The problem is, that if we take Amsterdam for example and look at the ferries that transport people between the central station and the north of Amsterdam, they are too large to operate on shorter lines within the city and on our canal system. Smaller boats would make more sense, but the operational costs of having a crew with expertise onboard become unfeasible. That’s been the restriction so far.
If you can take that cost out of the equation and instead have a remote operational centre where a reduced amount of personnel control multiple small boats, it's extremely beneficial to our transport system. Besides this, the scarcity of skilled skippers for boats is a problem that cities are facing globally. It's extremely difficult to find a qualified crew for a boat in cities like Amsterdam or for that matter in Paris, which is where we’re headed for the Olympics. I believe autonomy is a solution to this global challenge and will open up cities by creating new forms of transport.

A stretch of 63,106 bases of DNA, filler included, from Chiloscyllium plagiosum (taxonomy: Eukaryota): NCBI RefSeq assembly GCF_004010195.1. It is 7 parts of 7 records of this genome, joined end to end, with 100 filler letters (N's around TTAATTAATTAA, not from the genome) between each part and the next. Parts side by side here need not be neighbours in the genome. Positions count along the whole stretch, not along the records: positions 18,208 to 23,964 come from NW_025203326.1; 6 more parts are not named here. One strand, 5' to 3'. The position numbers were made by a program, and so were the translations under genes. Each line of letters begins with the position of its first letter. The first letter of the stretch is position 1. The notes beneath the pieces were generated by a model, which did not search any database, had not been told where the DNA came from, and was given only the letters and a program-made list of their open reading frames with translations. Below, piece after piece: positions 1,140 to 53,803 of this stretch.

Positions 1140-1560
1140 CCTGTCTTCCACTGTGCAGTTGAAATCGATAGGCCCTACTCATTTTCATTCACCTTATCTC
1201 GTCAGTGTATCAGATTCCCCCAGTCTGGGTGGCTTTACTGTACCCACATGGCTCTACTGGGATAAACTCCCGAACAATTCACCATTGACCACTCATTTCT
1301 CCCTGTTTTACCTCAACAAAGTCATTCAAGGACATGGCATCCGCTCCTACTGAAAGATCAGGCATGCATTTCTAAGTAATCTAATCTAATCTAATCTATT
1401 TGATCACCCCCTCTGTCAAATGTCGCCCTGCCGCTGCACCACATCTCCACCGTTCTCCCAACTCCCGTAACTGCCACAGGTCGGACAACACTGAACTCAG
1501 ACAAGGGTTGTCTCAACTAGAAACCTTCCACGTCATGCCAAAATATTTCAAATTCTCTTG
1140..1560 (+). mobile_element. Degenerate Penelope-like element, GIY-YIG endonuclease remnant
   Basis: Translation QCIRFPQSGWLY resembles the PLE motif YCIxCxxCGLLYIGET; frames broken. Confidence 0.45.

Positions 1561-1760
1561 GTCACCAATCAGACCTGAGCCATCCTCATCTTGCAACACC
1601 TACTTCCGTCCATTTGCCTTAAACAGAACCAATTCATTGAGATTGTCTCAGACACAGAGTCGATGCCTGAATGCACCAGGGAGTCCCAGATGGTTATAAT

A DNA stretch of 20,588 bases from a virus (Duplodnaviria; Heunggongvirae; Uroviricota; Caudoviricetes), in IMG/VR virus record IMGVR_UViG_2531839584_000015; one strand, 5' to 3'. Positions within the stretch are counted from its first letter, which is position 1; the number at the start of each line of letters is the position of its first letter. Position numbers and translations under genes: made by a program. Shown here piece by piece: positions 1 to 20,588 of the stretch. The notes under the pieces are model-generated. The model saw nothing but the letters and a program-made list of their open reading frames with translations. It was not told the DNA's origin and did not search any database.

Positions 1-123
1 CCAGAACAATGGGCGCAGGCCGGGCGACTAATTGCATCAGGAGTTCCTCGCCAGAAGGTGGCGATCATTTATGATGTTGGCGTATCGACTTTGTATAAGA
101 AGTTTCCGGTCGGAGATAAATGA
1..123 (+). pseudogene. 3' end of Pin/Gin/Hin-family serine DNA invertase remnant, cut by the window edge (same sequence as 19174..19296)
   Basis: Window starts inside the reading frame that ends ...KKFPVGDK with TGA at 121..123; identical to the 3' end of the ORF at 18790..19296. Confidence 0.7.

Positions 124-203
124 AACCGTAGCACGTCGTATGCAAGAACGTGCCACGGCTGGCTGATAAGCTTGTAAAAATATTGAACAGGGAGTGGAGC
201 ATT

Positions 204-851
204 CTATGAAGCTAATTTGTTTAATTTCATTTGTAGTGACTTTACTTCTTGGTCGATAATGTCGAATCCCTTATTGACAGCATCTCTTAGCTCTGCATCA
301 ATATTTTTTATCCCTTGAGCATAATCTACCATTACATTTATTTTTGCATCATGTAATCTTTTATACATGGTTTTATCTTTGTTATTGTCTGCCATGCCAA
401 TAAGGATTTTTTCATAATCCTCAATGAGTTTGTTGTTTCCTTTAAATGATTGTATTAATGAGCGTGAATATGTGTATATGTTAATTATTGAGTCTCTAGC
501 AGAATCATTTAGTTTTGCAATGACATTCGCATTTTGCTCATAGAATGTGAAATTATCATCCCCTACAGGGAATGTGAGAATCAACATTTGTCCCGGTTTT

How does Roboat contribute to improving transport within a city, but also transport solutions for large sporting events like the Olympics using data?
The question touches on two topics. One of them is the data collection we use to navigate the vessel itself, which is a self-learning mechanism. The more objects that are detected by the vessel the better we can train the system to detect and categorise these objects, and as a result, the better the system is at work within a specific environment.